Lindsay sticks with multi-modal transport plans


Company will continue with reduction in average fleet age and push into rail freight.

Lindsay sticks with multi-modal transport plans
Lindsay replaced 57 units last financial year as part of its fleet renewal focus.

 

Lindsay Transport will stick with the transport strategy that continues to pay dividends, the company has told investors.

This means it will continue with its horticulture and refrigerated transport niche focus, reduction in average fleet age while increasing utilisation, push into rail freight and develop new strategically located hubs.

The direction will include extracting synergies "from each division including Lindsay Fresh Logistics".

The prime mover and trailer renewal focus aims to reduce maintenance costs. The company replaced 57 units last financial year.

Lindsay has bought 10 rail reefer containers as part of its modal push, with the company saying rail "is three times more fuel efficient in transporting one tonne of freight than road transport".

Despite a 7 per cent rise in annual revenue to $315 million, the company saw net profits fall to $6.1 million from $6.5 million from the cessation of its fuel tax credit.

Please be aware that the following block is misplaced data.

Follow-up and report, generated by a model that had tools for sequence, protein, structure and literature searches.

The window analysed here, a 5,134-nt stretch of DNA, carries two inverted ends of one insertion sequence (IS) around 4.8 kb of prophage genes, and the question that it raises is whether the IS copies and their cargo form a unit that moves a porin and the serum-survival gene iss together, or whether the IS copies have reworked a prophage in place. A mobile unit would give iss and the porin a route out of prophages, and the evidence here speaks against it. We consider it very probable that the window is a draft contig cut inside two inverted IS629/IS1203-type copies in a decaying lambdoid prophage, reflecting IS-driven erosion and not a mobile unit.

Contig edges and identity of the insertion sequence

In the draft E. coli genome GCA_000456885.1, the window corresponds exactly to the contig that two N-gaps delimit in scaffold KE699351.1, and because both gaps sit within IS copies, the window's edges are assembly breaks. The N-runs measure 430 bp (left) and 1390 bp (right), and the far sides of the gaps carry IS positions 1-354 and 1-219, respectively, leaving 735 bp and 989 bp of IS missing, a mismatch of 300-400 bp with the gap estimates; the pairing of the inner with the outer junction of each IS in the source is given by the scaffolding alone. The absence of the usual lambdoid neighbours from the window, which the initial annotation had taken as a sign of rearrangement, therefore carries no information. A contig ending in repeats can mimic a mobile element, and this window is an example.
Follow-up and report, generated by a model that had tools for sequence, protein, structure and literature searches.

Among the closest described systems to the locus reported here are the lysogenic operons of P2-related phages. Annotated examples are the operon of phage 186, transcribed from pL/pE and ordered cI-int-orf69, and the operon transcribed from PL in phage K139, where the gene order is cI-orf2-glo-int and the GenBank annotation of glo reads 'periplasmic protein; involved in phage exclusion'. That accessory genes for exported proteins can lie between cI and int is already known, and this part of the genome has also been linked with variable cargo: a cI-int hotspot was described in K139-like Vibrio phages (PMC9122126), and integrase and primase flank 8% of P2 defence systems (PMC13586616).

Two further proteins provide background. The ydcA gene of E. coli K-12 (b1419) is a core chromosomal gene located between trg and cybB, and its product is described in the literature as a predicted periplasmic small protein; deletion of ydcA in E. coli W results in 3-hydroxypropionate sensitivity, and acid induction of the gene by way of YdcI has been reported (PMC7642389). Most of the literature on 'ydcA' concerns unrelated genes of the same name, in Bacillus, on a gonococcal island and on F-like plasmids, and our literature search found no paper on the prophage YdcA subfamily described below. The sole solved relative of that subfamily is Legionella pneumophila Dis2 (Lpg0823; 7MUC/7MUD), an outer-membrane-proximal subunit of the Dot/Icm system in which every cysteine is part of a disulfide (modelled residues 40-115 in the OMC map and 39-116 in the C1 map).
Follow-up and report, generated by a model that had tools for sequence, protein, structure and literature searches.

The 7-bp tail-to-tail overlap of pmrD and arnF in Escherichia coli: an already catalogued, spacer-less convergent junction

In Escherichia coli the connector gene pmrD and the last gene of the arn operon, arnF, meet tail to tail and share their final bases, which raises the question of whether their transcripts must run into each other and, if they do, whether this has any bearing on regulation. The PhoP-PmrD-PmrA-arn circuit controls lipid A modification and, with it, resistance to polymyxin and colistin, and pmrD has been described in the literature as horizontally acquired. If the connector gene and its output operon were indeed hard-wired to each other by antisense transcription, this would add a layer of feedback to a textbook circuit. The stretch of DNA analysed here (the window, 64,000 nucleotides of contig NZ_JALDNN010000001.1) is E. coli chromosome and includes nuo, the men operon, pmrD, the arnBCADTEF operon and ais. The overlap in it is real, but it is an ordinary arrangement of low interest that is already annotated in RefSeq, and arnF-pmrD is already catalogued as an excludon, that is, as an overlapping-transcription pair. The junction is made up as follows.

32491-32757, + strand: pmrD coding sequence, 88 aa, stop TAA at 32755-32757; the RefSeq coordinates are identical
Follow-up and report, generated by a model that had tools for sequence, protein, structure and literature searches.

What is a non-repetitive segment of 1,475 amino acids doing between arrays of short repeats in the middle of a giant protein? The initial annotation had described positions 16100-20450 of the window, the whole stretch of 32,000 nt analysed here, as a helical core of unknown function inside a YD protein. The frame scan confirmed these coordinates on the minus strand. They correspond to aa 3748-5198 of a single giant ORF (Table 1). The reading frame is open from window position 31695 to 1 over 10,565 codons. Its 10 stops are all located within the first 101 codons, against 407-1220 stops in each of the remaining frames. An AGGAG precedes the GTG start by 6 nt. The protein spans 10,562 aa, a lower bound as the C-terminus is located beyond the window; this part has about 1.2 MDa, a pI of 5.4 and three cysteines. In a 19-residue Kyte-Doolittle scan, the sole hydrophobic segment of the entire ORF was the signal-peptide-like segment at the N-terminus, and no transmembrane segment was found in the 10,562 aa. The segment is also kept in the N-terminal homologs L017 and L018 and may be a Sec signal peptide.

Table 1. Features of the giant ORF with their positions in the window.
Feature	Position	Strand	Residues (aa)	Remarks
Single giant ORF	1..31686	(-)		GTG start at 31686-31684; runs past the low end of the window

In the transport arm, profits before tax rose 10.5 per cent to $20.1 million, with higher fleet utilisation, cost savings and expansion into new regions seeing margins rising by 0.9 per cent to 9.1 per cent, despite revenues falling from $219 million to $216 million.

Despite the fleet age focus, repairs and maintenance costs rose slightly from $13.7 million to $14 million. But fuel and oil costs fell from $49.6 million to $39.8 million.

This was dwarfed by subcontractor spending reductions, from $49.8 million to $34.3 million, which, in turn, was offset somewhat by employee benefits expenses, up from $73.4 million to $82.9 million.

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